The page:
Chairperson Boman asked about the large number of people who were unable to get side-lots between Hayes and Gratiot. Mayor Duggan asked for specific addresses (which Boman didn’t have). He said we should provide addresses so they could look into the matter, but there are often liens on property that delay transfers. Some property also has Federal “holds” on them. People with side-lot issues should contact the District manager with the address and a description of the problem.

Senior Issues Representative Jocelyn Harris asked the Mayor for some advice, looking ahead to 2022. The Mayor revisited the topic of the new Recreation Center to be created on Lenox. The facility was previously a school for the disabled.

Senior Issues Representative Harris inquired about flood disaster wellness checks. The Mayor said there isn’t a Wellness-check program right now. He suggested delegating that responsibility to block clubs who would know the people involved better, and would be more likely to notice if something wasn’t right.

The Mayor said he would get us a block-club list.

We discussed seawalls, sewers, water heaters, and furnaces. The Mayor said the water Department will handle subsidized “check valves” (The City of Detroit pays 75%). The Jefferson Chalmers and Victoria Park communities.

Chairperson Boman brought up property over-taxation. Mayor Duggan conceded that it happened. He said he cut assessments by 22% when elected. He said the City could pay for some roof repairs using “Biden money” with a legacy preference, and the Community Advisory Council could facilitate programs to residents.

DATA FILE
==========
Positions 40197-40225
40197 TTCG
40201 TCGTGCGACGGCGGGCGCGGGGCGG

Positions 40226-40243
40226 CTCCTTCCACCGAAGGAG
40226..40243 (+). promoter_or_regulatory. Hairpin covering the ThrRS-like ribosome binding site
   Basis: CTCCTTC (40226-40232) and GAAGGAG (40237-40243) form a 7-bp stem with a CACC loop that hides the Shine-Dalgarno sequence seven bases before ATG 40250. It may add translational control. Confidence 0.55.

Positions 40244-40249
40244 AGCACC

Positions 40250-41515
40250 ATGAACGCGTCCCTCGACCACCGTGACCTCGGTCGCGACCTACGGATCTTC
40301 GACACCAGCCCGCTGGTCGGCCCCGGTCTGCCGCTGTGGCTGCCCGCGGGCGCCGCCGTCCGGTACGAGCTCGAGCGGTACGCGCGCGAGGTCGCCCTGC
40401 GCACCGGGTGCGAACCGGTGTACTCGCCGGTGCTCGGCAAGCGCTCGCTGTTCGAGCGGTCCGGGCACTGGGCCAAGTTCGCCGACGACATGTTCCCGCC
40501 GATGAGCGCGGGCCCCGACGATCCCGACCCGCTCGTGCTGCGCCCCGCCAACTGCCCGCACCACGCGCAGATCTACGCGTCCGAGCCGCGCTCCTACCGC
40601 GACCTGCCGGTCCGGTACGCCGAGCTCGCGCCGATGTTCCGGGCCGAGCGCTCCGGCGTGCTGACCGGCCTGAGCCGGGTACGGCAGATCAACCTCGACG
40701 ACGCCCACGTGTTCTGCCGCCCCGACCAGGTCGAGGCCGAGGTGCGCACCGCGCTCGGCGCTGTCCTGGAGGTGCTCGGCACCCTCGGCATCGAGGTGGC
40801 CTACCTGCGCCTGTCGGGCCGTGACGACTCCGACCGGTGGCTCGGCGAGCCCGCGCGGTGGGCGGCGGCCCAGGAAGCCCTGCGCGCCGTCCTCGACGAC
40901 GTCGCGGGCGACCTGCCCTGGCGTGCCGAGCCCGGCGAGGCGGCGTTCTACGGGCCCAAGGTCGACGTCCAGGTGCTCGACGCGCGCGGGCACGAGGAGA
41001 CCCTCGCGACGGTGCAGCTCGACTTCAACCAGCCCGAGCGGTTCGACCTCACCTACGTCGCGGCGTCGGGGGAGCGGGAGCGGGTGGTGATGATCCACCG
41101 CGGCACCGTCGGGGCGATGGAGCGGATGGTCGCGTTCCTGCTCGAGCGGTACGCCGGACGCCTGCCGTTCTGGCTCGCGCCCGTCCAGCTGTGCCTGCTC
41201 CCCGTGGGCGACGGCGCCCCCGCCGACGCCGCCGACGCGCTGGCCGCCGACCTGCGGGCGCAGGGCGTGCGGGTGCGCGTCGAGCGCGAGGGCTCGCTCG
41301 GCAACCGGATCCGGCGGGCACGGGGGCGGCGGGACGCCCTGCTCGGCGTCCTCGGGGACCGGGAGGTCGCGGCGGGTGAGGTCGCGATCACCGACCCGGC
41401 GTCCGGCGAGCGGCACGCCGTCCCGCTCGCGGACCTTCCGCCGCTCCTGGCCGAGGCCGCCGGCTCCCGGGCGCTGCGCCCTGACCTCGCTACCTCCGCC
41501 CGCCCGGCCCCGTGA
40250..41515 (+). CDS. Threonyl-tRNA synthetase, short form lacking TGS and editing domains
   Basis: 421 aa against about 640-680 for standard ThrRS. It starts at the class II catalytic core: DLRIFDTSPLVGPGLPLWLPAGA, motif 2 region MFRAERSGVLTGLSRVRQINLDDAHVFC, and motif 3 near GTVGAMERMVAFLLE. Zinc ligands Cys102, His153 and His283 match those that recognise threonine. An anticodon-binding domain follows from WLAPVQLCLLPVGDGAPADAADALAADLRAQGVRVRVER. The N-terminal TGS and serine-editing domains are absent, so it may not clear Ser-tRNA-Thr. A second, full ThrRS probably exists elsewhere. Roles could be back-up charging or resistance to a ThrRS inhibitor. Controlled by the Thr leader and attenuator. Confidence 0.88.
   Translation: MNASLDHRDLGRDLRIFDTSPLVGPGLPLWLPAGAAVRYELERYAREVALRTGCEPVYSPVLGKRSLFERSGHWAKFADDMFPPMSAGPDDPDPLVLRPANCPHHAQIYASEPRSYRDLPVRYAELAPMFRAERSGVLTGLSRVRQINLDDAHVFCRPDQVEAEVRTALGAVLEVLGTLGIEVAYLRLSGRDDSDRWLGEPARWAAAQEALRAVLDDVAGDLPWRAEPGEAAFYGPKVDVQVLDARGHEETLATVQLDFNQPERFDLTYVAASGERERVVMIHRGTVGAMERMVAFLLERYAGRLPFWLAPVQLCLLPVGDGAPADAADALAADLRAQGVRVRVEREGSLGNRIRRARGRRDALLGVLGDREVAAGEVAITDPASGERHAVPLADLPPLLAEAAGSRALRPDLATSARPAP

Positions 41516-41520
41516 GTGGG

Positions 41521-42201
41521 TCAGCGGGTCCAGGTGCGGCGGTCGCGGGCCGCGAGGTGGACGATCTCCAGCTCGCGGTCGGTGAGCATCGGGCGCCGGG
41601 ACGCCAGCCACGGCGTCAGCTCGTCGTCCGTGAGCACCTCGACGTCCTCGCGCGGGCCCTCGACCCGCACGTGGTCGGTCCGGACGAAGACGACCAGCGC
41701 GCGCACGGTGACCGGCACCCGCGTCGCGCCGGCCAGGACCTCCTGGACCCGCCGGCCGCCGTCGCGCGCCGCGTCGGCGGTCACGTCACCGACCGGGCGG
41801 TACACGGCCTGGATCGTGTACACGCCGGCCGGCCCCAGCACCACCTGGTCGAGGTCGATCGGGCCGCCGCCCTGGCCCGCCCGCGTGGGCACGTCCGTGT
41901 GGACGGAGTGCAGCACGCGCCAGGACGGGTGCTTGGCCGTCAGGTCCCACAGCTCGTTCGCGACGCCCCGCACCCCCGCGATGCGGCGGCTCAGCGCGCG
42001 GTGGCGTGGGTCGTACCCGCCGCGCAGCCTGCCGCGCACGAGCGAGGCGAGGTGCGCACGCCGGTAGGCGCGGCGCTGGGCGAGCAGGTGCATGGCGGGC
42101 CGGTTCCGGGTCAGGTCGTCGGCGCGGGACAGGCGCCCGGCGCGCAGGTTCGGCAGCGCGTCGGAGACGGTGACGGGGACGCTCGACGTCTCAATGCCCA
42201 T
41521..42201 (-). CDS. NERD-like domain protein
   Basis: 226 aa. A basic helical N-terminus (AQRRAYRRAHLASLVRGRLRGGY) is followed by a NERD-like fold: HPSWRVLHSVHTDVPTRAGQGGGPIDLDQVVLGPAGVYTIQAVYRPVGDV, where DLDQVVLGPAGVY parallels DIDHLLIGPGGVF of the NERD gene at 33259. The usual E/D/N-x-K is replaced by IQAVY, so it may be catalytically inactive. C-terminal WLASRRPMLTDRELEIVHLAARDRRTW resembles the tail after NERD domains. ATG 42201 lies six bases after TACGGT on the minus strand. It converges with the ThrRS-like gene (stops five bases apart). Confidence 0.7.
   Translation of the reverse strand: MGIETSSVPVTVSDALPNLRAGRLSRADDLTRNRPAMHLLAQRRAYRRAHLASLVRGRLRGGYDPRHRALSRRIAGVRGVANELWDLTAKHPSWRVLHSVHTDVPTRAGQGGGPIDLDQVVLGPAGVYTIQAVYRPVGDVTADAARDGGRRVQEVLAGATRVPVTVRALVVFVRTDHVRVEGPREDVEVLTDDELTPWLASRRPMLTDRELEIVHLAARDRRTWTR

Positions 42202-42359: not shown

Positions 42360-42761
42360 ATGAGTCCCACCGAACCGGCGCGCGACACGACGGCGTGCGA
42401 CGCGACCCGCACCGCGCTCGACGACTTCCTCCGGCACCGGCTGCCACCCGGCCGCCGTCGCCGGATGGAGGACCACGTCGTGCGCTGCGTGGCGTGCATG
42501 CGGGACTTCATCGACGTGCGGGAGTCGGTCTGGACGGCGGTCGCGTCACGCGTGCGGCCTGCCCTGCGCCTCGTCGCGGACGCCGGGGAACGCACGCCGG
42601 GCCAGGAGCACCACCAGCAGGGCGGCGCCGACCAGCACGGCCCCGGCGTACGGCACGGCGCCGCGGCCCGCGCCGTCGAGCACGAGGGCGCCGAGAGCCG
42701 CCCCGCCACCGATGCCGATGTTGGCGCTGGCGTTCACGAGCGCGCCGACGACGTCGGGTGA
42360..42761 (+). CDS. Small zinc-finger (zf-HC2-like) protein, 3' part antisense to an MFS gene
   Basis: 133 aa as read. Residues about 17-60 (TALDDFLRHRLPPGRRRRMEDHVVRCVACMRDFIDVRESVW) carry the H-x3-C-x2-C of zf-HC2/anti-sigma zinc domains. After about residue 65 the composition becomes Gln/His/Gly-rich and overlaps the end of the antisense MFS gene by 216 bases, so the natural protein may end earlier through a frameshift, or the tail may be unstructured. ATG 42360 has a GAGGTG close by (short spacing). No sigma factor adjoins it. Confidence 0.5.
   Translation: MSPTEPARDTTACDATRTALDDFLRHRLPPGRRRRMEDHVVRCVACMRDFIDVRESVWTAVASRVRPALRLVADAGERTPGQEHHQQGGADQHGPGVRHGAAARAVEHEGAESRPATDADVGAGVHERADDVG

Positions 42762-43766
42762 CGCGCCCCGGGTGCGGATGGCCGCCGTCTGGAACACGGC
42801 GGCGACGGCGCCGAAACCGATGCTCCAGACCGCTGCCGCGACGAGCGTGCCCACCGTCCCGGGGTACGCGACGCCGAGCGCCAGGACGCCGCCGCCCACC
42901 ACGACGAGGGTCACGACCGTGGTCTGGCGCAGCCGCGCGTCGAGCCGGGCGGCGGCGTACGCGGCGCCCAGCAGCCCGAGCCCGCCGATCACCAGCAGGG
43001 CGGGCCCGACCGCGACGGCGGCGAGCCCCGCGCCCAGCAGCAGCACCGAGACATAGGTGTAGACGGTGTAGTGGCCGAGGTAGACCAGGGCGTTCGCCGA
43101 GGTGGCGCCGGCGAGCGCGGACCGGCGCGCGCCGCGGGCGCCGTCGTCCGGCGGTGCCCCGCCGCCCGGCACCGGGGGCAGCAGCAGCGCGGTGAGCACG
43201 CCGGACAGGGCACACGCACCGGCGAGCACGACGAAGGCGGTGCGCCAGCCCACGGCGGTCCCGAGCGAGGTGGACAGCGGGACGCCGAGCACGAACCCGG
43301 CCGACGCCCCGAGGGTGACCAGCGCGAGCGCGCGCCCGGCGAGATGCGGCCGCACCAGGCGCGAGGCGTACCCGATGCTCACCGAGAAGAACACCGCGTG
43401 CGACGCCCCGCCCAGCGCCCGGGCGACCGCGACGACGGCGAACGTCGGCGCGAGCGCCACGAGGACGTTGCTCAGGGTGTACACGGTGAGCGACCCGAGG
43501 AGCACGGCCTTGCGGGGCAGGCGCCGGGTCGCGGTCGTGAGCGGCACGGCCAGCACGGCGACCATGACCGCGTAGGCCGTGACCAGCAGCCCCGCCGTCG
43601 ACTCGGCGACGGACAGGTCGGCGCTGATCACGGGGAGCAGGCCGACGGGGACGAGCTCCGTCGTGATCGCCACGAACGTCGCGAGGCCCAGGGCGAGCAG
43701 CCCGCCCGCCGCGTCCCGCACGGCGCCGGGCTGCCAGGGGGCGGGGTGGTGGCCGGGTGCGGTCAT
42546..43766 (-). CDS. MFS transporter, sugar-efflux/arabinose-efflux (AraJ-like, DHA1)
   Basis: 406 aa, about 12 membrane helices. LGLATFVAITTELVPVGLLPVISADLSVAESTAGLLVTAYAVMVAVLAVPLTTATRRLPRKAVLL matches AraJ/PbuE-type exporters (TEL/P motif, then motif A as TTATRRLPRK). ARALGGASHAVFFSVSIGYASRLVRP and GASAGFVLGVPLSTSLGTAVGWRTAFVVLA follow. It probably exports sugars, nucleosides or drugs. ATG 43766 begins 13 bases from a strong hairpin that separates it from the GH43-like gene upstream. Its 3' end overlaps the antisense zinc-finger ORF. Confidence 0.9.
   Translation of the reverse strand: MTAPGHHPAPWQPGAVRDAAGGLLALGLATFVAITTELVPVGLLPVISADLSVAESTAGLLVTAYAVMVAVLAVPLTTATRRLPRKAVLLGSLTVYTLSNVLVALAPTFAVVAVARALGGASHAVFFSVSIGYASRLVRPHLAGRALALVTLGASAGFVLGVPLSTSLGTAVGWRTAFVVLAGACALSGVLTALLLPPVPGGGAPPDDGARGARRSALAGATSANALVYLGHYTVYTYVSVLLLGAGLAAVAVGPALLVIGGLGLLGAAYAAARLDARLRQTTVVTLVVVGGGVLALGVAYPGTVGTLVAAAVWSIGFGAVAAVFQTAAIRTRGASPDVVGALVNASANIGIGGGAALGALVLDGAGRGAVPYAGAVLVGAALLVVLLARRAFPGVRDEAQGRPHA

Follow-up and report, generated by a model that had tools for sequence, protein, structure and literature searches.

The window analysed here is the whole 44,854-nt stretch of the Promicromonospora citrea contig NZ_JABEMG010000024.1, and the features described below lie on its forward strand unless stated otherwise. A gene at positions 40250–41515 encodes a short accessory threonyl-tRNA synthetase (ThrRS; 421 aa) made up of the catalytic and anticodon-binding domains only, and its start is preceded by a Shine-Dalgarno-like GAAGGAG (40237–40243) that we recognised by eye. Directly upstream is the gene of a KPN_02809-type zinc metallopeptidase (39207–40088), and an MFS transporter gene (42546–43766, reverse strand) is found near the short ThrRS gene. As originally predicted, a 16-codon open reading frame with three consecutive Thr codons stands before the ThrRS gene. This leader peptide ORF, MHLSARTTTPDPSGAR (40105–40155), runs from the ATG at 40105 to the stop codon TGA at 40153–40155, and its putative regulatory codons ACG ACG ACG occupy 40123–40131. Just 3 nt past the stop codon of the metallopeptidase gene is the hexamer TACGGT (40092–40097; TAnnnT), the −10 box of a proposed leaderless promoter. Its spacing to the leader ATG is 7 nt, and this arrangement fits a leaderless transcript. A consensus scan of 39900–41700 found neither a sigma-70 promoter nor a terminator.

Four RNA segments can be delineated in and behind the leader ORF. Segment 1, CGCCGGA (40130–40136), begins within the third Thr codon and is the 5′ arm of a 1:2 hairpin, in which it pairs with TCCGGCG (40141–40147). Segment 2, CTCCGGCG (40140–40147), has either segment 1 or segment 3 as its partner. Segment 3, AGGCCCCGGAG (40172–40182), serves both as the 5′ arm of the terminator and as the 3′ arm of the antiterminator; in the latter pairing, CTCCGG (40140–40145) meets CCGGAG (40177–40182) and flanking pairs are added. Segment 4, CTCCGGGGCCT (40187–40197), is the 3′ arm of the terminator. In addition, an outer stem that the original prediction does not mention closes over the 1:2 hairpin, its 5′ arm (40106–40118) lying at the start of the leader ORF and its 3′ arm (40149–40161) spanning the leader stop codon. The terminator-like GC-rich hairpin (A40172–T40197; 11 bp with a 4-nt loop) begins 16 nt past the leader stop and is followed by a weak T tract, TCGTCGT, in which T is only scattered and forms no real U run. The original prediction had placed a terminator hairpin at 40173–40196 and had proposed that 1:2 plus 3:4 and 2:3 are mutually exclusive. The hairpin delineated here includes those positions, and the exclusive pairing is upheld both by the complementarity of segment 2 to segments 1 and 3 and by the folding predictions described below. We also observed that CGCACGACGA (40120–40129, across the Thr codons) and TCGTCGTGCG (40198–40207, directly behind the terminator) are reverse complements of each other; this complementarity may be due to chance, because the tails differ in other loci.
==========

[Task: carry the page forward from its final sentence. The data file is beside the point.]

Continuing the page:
Chairperson Boman suggested crediting homeowners for the amount by which they were over-taxed. He said state law wouldn’t allow the city to return money to residents after the one year appeal period had passed. He said the state would view any direct compensation as a “gift” from the city that the recipient wasn’t entitled to.

Senior Issues Representative Harris asked about grants from Governor Whitmer to help people with water resources and disposal. Some residents had reported that people in the suburbs were eligible for state funds not provided to Detroit residents. The Mayor wasn’t aware of this. Department of neighborhoods director Erinn Harris stepped away for a few minutes and returned with an explanation. She said that grants were given to residents local governments who decided how to disperse money to residents. So some of the suburbs were using a different process to disperse funds.